Weekly Photography Challenge: Collage

I thought I might make a new collage to photograph for this weeks challenge, but yet again, the week has run away from me (or with me?). Anyway, I made this little book some years ago, and it’s full of collaged elements. I cut words and definitions out of an old dictionary to illuminate the quotes I used in it.

Click on the images for detail.

Making collage out of a collection of miscellaneous scraps can be great fun, and I’m often amazed at how meaningful random juxtapositions can be. I think it’s about time I assembled a hodgepodge pile of bits and pieces and made another little book!

Weekly Photography Challenge: Heritage

My Dad was an inveterate collector, obsessed with the rich heritage of Regency England’s gunmakers. He was famous amongst the arcane circle of gun collectors for his encyclopedic knowledge of the guns, their makers and their wealthy, titled owners. As a boy he loved pirate stories, and tales of derring-do, which morphed and grew as the years went by. He always excused his expensive habit as “investment”, which has proved true. Most have them have been sold now, which is rather sad, but inevitable.

I didn’t inherit Dad’s  passion for “Old Guns”, but I definitely have the collector gene, if there is one…None of my collections are going to realise much fiscal value in years to come, but that’s not the point. I like tracking down and looking at this stuff!

Some things I collect become parts of mixed media art – such as the wind-chime I made from a bit of  a broken coffee plunger and a lot of detritus. Then there’s vintage orange plastic (sometimes I buy green, too, but mainly orange), coloured glass (seen alongside a Russian samovar, which was Dad’s, not sure why he bought it!), vintage textiles, which I actually use, eventually, and a shelf of books about Kurt Cobain/Nirvana. Oh, and fake plastic (and ceramic) cacti, because…why not?

Weekly Photography Challenge: Atop

I’m in Halls Gap this week, doing a workshop with Keith Lo Bue as part of Grampians Texture 2017. 9 – 4 Monday to Thursday is spent in the classroom learning what to make of Precious Little, the rest I aim to spend enjoying some solitude and the beauty of the place.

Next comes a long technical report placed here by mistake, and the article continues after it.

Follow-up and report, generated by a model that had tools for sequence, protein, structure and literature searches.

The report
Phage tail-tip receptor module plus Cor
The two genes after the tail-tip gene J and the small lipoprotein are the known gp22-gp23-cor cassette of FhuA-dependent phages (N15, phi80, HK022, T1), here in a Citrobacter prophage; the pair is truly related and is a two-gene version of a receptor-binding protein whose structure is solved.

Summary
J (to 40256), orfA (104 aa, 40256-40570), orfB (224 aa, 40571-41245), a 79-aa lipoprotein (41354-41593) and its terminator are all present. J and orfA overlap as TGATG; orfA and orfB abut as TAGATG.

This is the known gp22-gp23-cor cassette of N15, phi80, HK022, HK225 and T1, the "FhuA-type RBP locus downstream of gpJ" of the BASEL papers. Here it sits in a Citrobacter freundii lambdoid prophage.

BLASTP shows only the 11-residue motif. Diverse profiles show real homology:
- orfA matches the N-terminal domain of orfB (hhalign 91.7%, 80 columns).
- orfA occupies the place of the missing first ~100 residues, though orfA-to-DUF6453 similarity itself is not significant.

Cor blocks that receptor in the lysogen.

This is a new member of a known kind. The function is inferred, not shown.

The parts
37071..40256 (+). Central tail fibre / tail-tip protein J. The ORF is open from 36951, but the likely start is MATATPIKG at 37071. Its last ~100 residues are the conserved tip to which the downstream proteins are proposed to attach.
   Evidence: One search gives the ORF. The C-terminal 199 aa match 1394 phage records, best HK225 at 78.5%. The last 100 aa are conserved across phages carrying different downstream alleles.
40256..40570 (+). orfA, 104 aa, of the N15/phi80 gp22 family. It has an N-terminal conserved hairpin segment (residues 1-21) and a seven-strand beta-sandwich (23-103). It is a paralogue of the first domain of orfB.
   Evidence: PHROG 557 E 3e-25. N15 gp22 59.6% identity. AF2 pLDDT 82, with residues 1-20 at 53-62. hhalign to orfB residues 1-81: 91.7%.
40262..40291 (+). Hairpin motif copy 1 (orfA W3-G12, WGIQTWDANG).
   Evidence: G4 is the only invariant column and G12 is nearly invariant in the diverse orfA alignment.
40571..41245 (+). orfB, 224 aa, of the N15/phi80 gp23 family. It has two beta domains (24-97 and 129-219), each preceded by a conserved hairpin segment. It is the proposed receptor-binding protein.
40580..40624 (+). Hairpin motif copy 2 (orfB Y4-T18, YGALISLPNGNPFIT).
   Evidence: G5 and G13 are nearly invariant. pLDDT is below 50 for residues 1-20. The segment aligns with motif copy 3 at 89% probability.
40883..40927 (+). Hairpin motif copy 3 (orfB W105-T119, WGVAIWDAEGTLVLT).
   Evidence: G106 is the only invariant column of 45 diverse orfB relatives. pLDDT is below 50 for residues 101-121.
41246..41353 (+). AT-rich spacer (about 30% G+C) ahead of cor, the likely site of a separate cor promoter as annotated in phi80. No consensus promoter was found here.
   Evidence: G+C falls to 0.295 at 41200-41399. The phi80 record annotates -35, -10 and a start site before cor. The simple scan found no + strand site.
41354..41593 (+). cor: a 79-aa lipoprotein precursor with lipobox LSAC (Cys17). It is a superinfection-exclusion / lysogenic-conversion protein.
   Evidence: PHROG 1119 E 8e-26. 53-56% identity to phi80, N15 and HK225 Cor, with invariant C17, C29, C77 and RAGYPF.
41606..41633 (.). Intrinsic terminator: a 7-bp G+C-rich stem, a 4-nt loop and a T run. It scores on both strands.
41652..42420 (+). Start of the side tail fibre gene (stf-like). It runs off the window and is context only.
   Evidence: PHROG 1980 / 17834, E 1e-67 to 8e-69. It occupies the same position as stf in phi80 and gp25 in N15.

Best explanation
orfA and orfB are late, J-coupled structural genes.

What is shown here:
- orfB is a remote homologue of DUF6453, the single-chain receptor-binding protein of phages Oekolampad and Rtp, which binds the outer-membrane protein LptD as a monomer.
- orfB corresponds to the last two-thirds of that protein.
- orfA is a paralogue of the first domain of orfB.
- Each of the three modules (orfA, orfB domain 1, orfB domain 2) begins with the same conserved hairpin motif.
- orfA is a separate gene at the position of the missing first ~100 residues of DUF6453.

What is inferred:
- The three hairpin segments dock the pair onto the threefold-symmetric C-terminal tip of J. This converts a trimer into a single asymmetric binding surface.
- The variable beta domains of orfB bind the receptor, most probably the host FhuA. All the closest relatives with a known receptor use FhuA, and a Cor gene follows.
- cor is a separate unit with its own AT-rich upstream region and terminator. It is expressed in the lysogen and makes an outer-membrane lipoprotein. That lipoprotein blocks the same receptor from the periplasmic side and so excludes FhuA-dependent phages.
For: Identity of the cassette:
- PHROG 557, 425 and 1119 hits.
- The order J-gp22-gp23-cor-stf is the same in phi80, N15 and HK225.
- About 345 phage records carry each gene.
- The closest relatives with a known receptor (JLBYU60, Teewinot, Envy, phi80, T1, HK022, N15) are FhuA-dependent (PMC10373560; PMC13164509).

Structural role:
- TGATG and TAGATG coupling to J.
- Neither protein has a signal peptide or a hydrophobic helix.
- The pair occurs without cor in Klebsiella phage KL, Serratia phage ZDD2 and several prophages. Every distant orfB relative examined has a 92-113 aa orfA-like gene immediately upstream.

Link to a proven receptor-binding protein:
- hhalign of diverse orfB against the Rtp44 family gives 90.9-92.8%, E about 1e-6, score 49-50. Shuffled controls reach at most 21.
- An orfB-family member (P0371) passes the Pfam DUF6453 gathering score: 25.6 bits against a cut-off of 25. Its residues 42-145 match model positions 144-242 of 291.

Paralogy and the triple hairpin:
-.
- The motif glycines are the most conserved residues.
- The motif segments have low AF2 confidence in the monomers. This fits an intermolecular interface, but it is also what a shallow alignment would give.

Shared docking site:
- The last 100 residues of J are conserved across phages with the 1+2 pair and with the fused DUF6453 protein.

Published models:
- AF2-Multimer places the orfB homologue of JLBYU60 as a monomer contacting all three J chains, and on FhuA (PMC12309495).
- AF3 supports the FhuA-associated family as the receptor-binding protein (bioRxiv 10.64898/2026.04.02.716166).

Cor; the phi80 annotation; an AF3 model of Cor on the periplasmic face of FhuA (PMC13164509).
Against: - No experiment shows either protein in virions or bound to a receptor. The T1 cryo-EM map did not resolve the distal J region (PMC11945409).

The Gap is, unsurprisingly, in a valley. The challenge this week is Atop, so I am showing you what is “atop” the surrounding hills (mountains, officially…) – rocks, trees, and this afternoon, a few wisps of cloud to remind us that autumn really is coming, even though the daytime temperatures are still reaching 30C.

The last thing I made today is a neckpiece with lichen atop an empty (and now artfully mangled) mints tin. The assignment was to use only three things (one from a nature walk, one from an exchange of “stuff” and one we’d brought along). No glue, no extra elements…but whatever techniques we liked. We had no idea we’d be trying to wear the stuff we picked up, from the walk or the exchange table, so there were some extraordinary and quite lovely creations by the end of the class today. Tomorrow…something completely different!flirty

Weekly Photography Challenge: A Good Match

This morning, wondering which “Good Match” to choose for this weeks challenge, my Rothko-esque painting caught my eye, and I decided on pink’n’orange, which is my favourite colour (combination) by far. My 3 year old grand daughter Juniper thinks it’s amazing that Granny has TWO favourite colours, but I love how they amplify each other, no matter what shade or tone is used.pair-2